“Decomposition” is a word usually associated with death: “death and decomposition” go hand in hand. I can readily imagine an NCIS episode in which a serious Gibbs is staring at medical examiner “Ducky” Mallard while the latter opines, “I can’t establish the time of death with certainty until I get him back to autopsy, but, based on the decomposition, I’d say his demise occurred 48-72 hours ago.”
“Decomposition” is part of our death vocabulary. But have you ever heard of “recomposition?”
You might if you lived in Washington state.
Washington state Sen. Jamie Pedersen, D-Seattle, prefiled a bill (S.5001) in the upcoming Legislature to allow “recomposition” as a method of disposing of human remains.
So what is “recomposition?” Pedersen defines it as “the contained, accelerated conversion of human remains to soil.” Think of it as human composting — in which our bodies after death are given no more respect than humus — that is, decaying matter on a forest floor.
“Recomposing” a body, as explained by news reports, means putting a corpse into a shroud filled with organic material (e.g., alfalfa, straw or wood chips) into which air is pumped to “accelerate microbial activity” and break down the remains (in about a month) into a cubic yard of “compost” to use in your backyard. Just to make sure that you don’t infect the flower bed, the temperature generated by the microbes must reach 131°F (55°C) for 72 consecutive hours to kill off pathogens.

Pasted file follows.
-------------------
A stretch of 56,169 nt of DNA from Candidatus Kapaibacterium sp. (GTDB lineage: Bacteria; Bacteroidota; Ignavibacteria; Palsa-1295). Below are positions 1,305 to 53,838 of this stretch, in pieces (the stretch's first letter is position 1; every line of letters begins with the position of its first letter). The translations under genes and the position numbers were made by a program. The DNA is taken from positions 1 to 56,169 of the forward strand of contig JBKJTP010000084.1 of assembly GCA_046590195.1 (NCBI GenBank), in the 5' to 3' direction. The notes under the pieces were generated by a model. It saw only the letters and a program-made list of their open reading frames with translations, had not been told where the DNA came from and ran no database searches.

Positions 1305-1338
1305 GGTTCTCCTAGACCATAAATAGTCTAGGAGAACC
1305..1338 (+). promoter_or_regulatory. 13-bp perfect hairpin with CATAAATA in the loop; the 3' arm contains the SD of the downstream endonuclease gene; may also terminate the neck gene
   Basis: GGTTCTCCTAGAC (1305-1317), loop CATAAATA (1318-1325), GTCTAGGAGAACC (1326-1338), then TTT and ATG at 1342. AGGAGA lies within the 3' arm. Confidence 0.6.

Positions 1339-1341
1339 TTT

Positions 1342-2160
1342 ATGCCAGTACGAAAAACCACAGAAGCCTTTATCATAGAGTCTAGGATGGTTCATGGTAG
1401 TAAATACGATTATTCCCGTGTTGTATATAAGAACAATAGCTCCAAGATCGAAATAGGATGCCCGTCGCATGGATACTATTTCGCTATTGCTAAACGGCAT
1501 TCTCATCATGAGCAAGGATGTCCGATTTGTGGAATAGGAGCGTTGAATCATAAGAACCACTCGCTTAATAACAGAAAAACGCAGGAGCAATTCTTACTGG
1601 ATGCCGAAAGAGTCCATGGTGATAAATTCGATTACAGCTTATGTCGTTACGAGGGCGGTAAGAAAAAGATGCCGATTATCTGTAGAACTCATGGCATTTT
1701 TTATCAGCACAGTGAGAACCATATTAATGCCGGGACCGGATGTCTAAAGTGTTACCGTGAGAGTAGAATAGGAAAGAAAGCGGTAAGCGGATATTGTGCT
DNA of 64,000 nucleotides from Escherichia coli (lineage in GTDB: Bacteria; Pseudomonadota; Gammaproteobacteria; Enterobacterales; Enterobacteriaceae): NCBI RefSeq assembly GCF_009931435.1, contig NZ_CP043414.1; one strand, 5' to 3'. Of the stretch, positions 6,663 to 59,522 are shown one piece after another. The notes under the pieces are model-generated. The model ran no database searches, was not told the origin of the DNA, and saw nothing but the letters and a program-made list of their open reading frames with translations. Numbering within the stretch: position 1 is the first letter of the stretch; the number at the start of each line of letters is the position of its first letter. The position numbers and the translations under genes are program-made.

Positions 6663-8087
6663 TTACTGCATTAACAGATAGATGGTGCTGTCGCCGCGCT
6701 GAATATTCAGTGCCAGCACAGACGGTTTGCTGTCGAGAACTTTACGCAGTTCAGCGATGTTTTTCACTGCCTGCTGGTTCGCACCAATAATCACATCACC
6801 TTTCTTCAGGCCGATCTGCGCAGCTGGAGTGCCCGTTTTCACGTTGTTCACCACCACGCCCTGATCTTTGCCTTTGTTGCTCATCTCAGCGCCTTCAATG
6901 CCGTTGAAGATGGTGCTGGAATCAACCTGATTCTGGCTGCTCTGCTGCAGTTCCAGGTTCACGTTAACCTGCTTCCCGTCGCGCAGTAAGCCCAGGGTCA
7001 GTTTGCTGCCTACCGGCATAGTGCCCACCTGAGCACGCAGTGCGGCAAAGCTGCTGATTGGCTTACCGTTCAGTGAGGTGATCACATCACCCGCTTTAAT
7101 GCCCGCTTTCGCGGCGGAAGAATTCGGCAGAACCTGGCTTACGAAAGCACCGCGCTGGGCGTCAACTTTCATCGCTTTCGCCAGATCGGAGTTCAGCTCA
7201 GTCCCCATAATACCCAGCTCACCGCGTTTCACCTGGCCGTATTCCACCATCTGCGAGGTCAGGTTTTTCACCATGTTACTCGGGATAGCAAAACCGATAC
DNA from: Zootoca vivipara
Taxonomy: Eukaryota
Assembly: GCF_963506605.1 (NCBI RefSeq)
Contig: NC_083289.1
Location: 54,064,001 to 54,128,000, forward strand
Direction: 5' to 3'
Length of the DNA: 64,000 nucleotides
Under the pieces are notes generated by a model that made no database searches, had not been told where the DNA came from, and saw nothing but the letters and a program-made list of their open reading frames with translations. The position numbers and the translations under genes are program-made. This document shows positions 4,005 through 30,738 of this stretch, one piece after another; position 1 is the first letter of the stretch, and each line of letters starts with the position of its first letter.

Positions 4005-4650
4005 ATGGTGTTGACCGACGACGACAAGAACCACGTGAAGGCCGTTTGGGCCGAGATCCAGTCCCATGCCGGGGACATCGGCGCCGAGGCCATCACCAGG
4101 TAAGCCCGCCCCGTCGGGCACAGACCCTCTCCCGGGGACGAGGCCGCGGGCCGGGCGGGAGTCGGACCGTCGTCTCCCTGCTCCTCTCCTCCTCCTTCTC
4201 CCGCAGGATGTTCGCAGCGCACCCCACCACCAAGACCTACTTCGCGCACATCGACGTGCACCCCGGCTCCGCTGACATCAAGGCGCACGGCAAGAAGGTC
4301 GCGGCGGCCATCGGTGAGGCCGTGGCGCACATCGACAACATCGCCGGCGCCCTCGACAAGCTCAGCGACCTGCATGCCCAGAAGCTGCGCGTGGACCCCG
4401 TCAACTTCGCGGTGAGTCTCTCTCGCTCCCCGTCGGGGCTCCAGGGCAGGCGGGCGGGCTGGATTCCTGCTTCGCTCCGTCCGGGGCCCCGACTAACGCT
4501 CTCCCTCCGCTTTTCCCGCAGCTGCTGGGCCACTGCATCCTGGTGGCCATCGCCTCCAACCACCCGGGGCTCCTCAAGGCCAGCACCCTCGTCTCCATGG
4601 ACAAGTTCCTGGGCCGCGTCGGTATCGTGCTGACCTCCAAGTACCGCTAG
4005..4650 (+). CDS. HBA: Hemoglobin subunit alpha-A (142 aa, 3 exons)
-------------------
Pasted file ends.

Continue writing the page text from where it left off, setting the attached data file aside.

Advocates of “recomposition,” include Katrina Spade, a Seattle designer and self-described “eco-death revolutionary” who founded “Recompose,” a “public benefit corporation” that could make $5,500-per-human mulching if Pedersen’s bill passes. Spade calls the process an “environmental and social-justice issue” that expands “choice” about death and affords a “meaningful” alternative to burial or cremation.
Spade said she got the idea from farm friends, who employ a similar process with dead livestock. (Monica Miller has documented similar processes to destroy post-abortion fetal remains, which is one of the reasons Indiana is seeking Supreme Court review of its law requiring burial or cremation of them.)
Pedersen’s bill would also legalize alkaline hydrolysis, another way of disposing of human remains now allowed in about a third of the states. Alkaline hydrolysis involves dissolving a body in a tank of water and potassium hydroxide, until basically only fluid (and perhaps some bone) is left.